Irina Aleksander, born in St. Petersburg, Russia (née Irina Ephimovna Kunina), was the author of plays, film scenarios, poetry, novels and short stories, and children’s stories. She received her education in her native city and in Zagreb, Yugoslavia, where she studied law. She began writing at age seven, appeared in print at age sixteen, and participated in many literary movements in Russia. Works include her play, Pushkin; novels, Douglas Tweed; Only Facts, Sir; Bosnian Symphony; The Running Tide; and a collection of short stories, The Red Fez. Her husband, Bozidar, was a distinguished Zagreb lawyer and member of one of the richest between-the-wars Croatian families. The Aleksanders were associates of the intelligentsia. They travelled and lived in a number of countries including Russia, Yugoslavia, Germany, Poland, France, the United States, and Switzerland. They shared a wide range of intellectual interests including literature, the arts, philosophy and history.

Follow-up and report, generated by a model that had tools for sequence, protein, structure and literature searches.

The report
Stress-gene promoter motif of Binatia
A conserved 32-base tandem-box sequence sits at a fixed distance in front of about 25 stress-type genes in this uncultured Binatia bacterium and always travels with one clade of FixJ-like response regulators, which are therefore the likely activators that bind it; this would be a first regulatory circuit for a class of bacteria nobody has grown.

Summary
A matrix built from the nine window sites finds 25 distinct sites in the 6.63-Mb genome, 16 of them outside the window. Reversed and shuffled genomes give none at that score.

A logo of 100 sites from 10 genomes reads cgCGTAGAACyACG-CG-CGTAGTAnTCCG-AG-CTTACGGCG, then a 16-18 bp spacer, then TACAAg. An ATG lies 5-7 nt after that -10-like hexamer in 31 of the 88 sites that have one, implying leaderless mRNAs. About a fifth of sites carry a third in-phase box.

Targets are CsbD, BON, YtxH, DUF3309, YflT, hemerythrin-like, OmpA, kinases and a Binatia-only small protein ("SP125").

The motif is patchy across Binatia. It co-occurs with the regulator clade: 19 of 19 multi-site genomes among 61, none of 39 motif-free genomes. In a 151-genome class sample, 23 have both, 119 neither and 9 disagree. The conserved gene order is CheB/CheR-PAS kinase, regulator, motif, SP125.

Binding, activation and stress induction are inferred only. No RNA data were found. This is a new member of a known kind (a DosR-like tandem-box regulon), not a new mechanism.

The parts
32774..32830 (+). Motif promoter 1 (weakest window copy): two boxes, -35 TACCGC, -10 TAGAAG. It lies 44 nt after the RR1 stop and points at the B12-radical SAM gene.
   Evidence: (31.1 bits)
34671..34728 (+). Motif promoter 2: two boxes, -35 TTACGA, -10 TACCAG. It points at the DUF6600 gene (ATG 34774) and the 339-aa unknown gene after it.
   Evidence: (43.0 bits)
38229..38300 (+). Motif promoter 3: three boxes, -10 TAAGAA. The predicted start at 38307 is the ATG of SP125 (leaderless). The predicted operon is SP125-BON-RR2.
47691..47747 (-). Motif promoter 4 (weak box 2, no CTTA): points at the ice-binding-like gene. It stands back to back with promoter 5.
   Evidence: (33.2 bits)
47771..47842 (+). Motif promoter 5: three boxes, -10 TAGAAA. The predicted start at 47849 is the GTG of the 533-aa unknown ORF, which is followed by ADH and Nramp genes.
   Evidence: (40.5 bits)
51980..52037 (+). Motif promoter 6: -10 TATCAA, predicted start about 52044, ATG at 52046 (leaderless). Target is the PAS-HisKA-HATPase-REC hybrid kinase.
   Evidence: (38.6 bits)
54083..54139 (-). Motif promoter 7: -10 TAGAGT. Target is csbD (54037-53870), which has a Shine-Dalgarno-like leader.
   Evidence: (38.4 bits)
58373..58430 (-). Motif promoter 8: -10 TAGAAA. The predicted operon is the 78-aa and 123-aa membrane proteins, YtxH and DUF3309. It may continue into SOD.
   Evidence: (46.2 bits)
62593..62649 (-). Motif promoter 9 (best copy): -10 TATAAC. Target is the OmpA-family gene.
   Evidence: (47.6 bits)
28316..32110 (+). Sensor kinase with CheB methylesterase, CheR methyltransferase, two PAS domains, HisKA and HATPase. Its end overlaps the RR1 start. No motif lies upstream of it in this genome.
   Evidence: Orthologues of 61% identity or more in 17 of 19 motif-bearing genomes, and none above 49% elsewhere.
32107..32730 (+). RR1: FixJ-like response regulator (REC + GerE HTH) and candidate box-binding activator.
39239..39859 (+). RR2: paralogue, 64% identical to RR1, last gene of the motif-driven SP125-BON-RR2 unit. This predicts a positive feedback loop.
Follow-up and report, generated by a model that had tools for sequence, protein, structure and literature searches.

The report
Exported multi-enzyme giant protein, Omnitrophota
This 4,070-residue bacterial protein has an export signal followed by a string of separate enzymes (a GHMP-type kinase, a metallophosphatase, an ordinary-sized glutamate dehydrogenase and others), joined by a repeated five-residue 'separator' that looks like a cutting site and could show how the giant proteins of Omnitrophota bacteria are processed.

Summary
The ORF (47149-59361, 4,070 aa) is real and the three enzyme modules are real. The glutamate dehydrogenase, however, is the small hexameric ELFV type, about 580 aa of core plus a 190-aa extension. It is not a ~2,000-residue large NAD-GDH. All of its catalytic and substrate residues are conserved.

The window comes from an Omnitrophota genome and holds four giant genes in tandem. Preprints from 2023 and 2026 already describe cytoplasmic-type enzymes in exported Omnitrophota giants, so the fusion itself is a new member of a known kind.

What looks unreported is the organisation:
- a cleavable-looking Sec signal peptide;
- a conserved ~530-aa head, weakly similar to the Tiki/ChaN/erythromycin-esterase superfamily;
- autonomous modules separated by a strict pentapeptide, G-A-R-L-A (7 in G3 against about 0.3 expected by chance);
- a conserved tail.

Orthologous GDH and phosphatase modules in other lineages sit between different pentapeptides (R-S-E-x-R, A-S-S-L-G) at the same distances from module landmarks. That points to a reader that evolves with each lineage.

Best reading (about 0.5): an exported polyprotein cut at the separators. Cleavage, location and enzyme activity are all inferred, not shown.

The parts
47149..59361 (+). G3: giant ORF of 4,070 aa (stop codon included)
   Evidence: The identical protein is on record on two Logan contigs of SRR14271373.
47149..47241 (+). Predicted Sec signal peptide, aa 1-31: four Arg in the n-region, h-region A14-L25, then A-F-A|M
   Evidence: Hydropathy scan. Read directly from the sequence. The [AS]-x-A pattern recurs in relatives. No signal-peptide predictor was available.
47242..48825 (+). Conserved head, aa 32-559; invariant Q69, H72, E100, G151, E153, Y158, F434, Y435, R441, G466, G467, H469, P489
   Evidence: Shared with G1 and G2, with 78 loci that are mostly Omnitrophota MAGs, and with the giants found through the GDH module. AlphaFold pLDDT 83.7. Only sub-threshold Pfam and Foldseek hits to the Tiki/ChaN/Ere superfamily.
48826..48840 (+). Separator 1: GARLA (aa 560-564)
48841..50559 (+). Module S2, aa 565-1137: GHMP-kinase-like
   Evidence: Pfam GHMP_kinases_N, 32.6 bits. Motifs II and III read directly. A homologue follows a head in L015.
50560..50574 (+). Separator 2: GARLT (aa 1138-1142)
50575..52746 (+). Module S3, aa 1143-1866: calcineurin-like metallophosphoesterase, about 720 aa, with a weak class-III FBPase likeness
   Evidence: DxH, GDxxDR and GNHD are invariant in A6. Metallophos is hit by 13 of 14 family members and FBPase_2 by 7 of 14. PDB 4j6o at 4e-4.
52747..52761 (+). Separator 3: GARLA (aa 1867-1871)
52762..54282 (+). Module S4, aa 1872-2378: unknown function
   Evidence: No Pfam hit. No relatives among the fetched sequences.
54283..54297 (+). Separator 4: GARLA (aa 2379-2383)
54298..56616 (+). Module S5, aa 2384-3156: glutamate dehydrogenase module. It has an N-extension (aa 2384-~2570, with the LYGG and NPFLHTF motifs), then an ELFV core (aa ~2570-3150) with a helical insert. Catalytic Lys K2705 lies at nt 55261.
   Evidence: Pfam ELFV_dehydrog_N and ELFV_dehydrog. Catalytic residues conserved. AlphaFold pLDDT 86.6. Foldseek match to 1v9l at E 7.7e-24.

Irina Kunina Aleksander Papers
Scope and content note

The collection consists of correspondence, photographs, manuscripts, and miscellaneous materials which reflect the Aleksanders’ association with a number of literary notables such as Anaïs Nin, Miroslav Krleža, Marijan and Zora Matković, Léon Pierre-Quint, Claude Aveline, and Evgenii Zamiatin.  The Zamiatin materials include a corrected Russian typescript of his novel, We, published in 1924; letters and postcards in Russian to Irina Aleksander, 1928–37; and typescripts of his stories, plays, film outlines, notes, and essays. Zamiatin left Russia to live and write in exile in France.